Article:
A rare large-format 1860s sea chart of the southern part of the Straits of Malacca, including Singapore Island, published by the French Dépôt de la Marine.
This highly detailed sea chart embraces the Straits of Malacca from a point just north of Selangor, Malaysia, all the way south, past Singapore, to Batam Island, Indonesia. Notably, the chart includes Malacca and almost the entirety of Singapore Island. The quality of the lithography employed by the Dépôt de la Marine is exceptionally fine and the chart features copious hydrographic information, including bathymetric soundings, shoals, channels, light houses (heightened in red and yellow), annotated sailing details and a host of other intelligence. A key at the bottom left translates important words from Malay to French.
The Straits of Malacca were then, as they still are now, the busiest shipping lanes in Asia, and charts of the passage were of the utmost importance. The route was especially consequential for the British as the straits were the gateway between India and the Far East, including their key base at Hong Kong. Britain, who held suzerainty over the Malay Peninsula since 1806, also required access to the key ports of Singapore and Malacca.
At the time that this chart was made, Singapore was just over 40 years old, having been founded in 1819 by Sir Stamford Raffles. It had overtaken Georgetown (Penang, Malaysia) to become the most important British center in Southeast Asia and was a rapidly growing commercial and naval port. It would shortly be made (in 1867) the capital of the newly formed Crown colony of the Straits Settlements (consisting of large coastal portions of the Malay Peninsula). Yet, in spite of its importance, the entire island of Singapore had a population of only around 80,000.
The genealogy of the present chart is interesting. Up to 1840, the authoritative sea chart of the Malacca Straits was William Heather's, A New Chart of the Straits of Malacca… (London, 1803), that subsequently ran into various editions published by J.W. Norrie. While impressive by circa 1800 standards, mariners soon realized that it contained many deficiencies and omissions.
From around 1815, the British Royal Navy sent out surveying teams to chart various aspects of the straits. The Strait of Calam was surveyed by Captain William F. Owen in 1817. The Arroa Islands and the North Sands (off the coasts near Selangor) were surveyed by Captain Donald Ross in 1819, while the Coast of Sumatra was charted by Lieutenants W. Rose and R. Moresby. Further touch up surveys of the Sumatran coast were undertaken by the crew of the HMS Harrier in 1834. These various surveys were compiled by the eminent hydrographer James Horsburgh (1762-1836), shortly before he died. The revised chart was published in two different issues by the British Admiralty as The Strait of Malacca. Western part. (1840) and Malacca Strait: the Arroa Islands with the North Sands and Calam Strait (1840).
The French, who had increasingly consequential interests in Indochina, made heavy use of the Straits of Malacca. The French Dépôt de la Marine published a chart closely based on the Admiralty charts, Carte du Détroit de Malacca. Partie méridionale comprenant depuis le Mont Parcelar jusqu à Singapoure (1843). The present chart is a revised and improved edition of this chart, issued by the Dépôt in 1862. This series of charts of the straits would not be superseded until the publication of James Imray's Straits of Malacca, Singapore, Rhio & c. (1882).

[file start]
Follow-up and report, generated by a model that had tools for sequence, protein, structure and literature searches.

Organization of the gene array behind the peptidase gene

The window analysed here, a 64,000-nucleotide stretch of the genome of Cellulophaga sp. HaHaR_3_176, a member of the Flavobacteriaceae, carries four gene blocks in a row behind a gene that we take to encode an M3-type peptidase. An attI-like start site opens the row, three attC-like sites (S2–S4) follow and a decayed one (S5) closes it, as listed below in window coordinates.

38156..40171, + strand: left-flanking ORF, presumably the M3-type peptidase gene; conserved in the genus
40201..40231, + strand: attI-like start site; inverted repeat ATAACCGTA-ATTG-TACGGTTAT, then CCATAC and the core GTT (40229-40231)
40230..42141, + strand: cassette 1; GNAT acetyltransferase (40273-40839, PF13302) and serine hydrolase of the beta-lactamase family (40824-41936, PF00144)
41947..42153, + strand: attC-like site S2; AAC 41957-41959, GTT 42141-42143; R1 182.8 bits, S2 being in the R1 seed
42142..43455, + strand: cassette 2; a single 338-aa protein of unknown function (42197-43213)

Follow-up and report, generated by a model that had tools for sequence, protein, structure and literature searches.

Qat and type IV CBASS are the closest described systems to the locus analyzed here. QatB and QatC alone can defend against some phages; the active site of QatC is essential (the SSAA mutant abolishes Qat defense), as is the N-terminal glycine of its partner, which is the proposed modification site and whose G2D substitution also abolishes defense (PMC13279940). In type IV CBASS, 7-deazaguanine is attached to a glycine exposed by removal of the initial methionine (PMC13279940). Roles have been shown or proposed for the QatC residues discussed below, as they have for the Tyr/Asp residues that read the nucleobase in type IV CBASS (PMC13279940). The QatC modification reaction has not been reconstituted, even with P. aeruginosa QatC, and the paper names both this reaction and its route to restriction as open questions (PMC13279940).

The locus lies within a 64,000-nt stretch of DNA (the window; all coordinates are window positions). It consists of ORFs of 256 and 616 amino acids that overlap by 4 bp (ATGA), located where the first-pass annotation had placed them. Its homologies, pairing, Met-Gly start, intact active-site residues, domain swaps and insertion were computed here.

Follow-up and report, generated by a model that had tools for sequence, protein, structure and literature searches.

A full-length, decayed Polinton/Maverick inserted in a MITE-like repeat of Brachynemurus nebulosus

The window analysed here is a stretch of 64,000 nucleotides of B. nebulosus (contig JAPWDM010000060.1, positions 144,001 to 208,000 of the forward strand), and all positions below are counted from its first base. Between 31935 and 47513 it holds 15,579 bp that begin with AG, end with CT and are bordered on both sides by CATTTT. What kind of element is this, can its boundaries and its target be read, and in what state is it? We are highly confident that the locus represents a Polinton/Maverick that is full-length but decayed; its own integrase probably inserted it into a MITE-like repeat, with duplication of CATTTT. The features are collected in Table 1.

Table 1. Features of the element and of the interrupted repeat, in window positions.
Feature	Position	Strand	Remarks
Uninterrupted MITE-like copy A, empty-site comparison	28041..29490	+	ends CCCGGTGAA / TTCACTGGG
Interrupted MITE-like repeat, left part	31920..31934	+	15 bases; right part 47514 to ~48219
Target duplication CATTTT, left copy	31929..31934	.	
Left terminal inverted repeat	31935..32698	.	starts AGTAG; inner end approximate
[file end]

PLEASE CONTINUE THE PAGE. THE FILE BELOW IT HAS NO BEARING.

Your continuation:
The present chart is rare. We are aware of no other examples appearing on the market during the last 25 years and can locate only a single institutional example, at the Bibliothèque Nationale de France.
The Dépôt de la Marine, known more formally as the Dépôt des cartes et plans de la Marine, was the central charting institution of France. The centralization of hydrography in France began in earnest when Jean-Baptiste Colbert became First Minister of France in 1661. Under his watch, the first Royal School of Hydrography began operating, as did the first survey of France’s coasts (1670-1689). In 1680, Colbert consolidated various collections of charts and memoirs into a single assemblage, forming the core of sources for what would become the Dépôt.
The Dépôt itself began as the central deposit of charts for the French Navy. In 1720, the Navy consolidated its collection with those government materials covering the colonies, creating a single large repository of navigation. By 1737, the Dépôt was creating its own original charts and, from 1750, they participated in scientific expeditions to determine the accurate calculation of longitude.
In 1773, the Dépôt received a monopoly over the composition, production, and distribution of navigational materials, solidifying their place as the main producer of geographic knowledge in France. Dépôt-approved charts were distributed to official warehouses in port cities and sold by authorized merchants. The charts were of the highest quality, as many of France’s premier mapmakers worked at the Dépôt in the eighteenth century, including Philippe Bauche, Jacques-Nicolas Bellin, Rigobert Bonne, Jean Nicolas Buache, and Charles-François Beautemps-Beaupré.
The Dépôt continued to operate until 1886, when it became the Naval Hydrographic Service. In 1971, it changed names again, this time to the Naval and Oceanographic Service (SHOM). Although its name has changed, its purpose is largely the same, to provide high quality cartographic and scientific information to the France’s Navy and merchant marine.